Finding a veterinarian to provide good health care for our RVing cats, dogs, and other animals is important. We crosscheck, rather than relying on one method to find a good vet on the road.
Take time to read this week's Workers On Wheels Newsletter. The opening section is something everyone can benefit from -- whether you are RVing or not.
Update from Your RV Workers On Wheels Newsletter Editor
What do these people have in common? A yodeler. A blacksmith. The Tupperware lady. A parking lot attendant. Someone selling wine. A magician. A watercolor artist. A toy train collector. A sound technician. Someone making funnel cakes. A jewelry maker. A masseuse. An author. A photographer. The bartender. A woman selling time shares at a fancy resort. A guy sharpening knives. The caricature artist. An implement salesman. A wood carver. Someone who turns digital photographs into DVDs. A woman who makes soap. The trolley car operator. The medicine man. Security officers.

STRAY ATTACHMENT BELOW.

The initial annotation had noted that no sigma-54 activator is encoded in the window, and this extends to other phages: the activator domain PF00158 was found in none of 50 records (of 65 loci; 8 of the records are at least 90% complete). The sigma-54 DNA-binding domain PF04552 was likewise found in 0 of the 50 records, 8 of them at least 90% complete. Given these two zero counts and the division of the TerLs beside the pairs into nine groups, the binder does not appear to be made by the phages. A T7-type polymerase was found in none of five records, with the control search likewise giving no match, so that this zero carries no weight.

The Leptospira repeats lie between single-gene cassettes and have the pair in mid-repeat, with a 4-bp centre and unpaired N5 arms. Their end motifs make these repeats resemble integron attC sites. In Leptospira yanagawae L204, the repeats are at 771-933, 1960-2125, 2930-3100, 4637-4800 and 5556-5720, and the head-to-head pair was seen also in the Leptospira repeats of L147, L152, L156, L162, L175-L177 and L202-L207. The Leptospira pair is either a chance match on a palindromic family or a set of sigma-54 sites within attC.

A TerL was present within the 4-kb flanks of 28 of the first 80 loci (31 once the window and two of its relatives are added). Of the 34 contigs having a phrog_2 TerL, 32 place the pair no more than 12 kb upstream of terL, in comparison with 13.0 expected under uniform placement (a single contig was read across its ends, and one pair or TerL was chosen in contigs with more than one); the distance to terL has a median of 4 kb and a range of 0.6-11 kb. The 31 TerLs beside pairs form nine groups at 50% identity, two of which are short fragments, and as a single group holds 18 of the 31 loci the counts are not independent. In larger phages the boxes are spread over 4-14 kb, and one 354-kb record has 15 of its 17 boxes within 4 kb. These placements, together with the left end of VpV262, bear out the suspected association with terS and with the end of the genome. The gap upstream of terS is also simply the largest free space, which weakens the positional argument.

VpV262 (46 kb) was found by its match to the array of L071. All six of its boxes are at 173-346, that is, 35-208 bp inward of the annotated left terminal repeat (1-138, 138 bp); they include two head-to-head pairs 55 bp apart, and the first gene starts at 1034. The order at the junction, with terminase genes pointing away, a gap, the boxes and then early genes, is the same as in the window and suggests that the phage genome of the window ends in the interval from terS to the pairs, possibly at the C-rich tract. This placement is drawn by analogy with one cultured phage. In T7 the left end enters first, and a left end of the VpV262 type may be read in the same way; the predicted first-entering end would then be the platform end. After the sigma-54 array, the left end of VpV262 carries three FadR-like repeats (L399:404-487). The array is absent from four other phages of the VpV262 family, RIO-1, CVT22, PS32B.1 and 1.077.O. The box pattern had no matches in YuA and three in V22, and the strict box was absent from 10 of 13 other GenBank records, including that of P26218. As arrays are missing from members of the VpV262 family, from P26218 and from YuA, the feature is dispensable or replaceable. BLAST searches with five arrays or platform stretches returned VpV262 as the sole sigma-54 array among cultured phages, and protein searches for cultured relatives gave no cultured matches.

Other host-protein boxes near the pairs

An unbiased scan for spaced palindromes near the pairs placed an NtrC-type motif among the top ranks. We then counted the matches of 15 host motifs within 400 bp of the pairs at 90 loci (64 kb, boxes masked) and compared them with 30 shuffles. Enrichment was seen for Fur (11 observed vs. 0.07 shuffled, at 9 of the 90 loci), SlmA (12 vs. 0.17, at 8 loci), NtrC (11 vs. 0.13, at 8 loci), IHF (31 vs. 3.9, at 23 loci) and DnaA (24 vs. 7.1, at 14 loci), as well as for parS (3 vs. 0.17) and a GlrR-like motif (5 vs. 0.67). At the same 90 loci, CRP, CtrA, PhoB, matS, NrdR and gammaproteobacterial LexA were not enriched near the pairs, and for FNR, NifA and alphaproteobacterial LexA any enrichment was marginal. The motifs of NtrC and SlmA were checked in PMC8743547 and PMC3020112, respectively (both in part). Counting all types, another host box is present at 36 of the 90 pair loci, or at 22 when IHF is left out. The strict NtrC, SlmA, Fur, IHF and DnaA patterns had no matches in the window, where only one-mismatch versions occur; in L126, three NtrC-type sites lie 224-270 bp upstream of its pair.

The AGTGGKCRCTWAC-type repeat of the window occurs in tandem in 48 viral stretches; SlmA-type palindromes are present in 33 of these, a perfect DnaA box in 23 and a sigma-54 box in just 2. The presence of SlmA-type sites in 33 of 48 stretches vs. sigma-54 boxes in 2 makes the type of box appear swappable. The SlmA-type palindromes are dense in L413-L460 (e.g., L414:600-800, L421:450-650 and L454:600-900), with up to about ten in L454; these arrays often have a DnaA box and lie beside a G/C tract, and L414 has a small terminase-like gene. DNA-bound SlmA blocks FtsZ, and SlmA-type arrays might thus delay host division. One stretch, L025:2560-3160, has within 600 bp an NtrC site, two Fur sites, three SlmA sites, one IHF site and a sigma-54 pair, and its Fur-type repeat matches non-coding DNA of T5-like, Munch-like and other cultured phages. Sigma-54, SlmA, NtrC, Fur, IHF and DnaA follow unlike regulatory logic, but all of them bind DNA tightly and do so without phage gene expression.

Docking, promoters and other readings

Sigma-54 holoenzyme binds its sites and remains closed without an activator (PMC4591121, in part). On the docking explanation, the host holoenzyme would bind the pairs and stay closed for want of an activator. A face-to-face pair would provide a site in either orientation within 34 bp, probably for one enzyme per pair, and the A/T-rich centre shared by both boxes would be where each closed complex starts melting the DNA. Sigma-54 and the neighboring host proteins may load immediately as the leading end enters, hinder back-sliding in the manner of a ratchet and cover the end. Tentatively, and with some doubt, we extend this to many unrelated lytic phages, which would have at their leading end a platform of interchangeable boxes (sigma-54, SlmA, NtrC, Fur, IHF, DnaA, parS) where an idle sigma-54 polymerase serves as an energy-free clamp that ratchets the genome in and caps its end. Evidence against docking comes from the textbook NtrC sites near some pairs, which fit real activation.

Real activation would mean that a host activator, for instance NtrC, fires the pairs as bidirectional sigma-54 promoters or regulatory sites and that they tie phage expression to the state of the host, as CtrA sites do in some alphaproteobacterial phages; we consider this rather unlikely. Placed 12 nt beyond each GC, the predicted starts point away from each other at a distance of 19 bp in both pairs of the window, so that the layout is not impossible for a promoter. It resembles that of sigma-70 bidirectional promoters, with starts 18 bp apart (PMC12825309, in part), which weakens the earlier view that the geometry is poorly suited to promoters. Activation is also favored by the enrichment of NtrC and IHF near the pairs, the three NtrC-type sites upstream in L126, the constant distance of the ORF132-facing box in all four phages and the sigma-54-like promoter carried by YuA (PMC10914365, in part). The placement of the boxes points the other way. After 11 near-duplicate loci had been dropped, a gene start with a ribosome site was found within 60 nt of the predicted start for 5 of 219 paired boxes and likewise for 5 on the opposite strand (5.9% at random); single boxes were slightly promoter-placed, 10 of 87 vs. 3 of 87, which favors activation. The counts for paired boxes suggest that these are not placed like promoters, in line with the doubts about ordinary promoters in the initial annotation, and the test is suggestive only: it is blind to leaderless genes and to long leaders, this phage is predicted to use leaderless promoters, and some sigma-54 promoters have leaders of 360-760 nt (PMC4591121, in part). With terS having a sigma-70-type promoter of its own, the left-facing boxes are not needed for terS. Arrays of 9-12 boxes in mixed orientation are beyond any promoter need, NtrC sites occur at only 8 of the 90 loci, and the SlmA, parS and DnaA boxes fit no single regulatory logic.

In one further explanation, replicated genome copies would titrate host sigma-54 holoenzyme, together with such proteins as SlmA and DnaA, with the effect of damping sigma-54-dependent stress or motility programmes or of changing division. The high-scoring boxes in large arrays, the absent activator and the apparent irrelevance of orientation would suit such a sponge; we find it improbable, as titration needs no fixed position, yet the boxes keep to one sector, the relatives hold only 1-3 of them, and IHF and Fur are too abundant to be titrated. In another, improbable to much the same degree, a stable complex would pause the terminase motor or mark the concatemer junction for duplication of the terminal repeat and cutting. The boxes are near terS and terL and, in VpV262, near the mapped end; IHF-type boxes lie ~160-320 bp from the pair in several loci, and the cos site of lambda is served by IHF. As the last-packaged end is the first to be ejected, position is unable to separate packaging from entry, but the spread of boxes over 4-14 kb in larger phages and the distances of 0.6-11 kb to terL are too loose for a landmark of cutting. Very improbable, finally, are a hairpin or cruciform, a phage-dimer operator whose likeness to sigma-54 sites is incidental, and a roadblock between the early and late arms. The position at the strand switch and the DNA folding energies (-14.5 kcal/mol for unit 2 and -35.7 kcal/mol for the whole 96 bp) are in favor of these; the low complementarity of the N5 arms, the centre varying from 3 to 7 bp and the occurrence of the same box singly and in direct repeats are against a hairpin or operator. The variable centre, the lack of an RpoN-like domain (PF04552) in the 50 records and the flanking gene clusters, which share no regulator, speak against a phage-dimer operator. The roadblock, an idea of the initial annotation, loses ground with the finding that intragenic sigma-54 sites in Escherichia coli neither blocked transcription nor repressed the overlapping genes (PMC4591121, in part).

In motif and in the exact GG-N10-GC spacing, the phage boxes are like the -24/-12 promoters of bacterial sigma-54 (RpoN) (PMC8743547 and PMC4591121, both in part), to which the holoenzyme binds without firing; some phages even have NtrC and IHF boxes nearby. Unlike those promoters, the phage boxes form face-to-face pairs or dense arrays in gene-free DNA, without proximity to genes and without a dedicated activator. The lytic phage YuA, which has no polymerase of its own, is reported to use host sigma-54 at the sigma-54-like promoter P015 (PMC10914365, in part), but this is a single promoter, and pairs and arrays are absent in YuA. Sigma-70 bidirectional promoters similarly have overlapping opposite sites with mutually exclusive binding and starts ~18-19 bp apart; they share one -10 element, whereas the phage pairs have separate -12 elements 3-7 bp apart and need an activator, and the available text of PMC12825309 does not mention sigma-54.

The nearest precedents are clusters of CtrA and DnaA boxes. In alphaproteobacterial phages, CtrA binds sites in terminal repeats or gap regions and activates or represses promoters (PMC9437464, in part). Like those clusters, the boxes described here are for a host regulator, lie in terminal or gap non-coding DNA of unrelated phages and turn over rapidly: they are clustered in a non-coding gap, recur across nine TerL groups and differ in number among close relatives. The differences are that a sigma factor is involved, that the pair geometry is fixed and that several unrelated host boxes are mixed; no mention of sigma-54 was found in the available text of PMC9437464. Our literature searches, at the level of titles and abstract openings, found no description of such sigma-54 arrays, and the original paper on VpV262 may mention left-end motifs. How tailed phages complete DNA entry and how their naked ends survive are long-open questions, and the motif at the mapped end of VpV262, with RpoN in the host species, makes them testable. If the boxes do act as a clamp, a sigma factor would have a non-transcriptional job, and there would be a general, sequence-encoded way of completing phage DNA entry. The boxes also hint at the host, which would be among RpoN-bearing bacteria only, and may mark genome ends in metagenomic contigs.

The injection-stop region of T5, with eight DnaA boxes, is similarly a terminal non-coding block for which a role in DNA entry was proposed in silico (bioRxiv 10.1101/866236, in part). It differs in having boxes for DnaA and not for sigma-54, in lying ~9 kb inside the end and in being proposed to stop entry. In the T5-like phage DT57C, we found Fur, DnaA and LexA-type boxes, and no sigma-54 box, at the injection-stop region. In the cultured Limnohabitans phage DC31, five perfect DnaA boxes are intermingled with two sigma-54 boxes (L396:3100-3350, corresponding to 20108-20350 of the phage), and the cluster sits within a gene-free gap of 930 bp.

All those listed above are people who work antique
Be sure to read this week's newsletter for working RVers -- the Workers on Wheels Newsletter. Workers On Wheels is a sister site to this one. While this website is more about the fun and technical aspects of RVing, the Workers On Wheels website and newsletter are about working and earning a living while RVing.
Ask questions before accepting a position. An RVer who wishes to remain anonymous writes, "We should have asked more questions up front - instead of learning later that the wife's job was spending the majority of the time standing in a chuck wagon for six hours and the husband cleaning the restrooms and maintenance/mowing, etc. Since I hate to cook for other people, working six hours cooking hamburgers and burritos is awful. We have learned to ask up front what is required and be sure it's what we want to do for an entire summer."
Resealing my motorhome roof turned out to be a labor-intensive project. It is a 1987 model, so amongst the many other necessary maintenance items to do was to reseal the roof.